Jerry went on to play college football at Morehead State and West Virginia Tech. At 24, he was head coach at Western Hills High School in Frankfort and later served as an assistant coach at Scott County and Shelby County before Shelby was split to form Collins. He’s seen changes in the game and, much more importantly, in what young people experience.
“When I started 28 years ago, there were a lot of kids who had what you would consider a normal life. Then you had a few that didn’t,” he says. “Now, I think that has flipped. There are a lot of kids out there whose main structure in life is from 8:30 to 3:30. It’s why I am such a big proponent of extra-curricular activities. It’s important they are taught they are part of something bigger than themselves.”
When we talked two years ago, Lucas was saying the same thing.
“We are at a point in society where so many kids don’t have that sense of loving and belonging and giving of themselves,” he said then.
“I talk to teachers all the time and they will be upset that a kid might not be putting forth the effort in, for example, a math class that the teacher feels he needs to. And I sit down with the teacher and I say, ‘You know, when he leaves us, he doesn’t know where he’s staying, because he has several places where he goes. The only two meals he knows he’s going to get are breakfast and lunch here at school.’ When you are trying to figure out where you are going to eat dinner, maybe math is not the first on the list of priorities.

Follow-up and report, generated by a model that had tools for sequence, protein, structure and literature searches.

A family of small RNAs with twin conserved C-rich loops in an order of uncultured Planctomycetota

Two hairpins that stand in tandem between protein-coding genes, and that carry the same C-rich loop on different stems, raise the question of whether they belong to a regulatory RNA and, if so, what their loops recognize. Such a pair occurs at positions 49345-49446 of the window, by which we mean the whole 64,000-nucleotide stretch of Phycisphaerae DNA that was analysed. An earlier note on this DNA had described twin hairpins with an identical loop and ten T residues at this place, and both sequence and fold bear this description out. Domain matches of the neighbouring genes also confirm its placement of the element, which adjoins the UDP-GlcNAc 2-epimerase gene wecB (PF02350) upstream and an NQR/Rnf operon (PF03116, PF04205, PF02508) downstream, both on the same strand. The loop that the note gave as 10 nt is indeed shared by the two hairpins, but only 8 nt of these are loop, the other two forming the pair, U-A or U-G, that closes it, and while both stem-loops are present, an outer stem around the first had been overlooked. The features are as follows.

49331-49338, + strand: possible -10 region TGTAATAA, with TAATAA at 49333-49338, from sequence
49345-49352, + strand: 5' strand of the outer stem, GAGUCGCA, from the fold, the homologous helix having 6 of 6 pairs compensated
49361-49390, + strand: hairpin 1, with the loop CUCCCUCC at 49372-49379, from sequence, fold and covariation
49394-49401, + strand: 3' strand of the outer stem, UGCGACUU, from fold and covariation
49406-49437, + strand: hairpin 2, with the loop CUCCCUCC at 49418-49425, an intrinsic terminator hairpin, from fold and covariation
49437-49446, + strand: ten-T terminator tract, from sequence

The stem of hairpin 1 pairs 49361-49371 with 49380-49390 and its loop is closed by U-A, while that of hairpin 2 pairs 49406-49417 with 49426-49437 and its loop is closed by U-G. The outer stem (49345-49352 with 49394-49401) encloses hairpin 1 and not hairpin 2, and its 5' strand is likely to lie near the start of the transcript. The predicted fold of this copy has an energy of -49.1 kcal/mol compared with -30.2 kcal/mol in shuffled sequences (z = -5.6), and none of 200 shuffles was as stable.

“I think as coaches, we are able to get into things that others might not know about. I can tell you this: I have had kids in my program that may have a lot of money and their families may have status because of that but their lives are messed up. I have had kids that live in this community who don’t have a lot monetarily, they don’t have much of this world, but they have two parents who love them and take care of them. You just can’t judge that.”
And those young men who put on the Collins jerseys are more important than stats or won-loss records to Jerry Lucas. He seeks to build love within his teams and he wants to be a light for Christ to his team, in his school and in his community.
“The main thing I want to present to them,” he says, “is they know I love them and I care about them and I will always be there for them. I want to make a difference in their lives beyond football.”
Jerry Lucas lives in Shelby County with his wife, Ruth, and youngest son, Joe. His older son, J.R., attends The University of The Cumberlands. Coach Lucas is heavily involved in his community and has served as an elder and a deacon at Shelby Christian Church.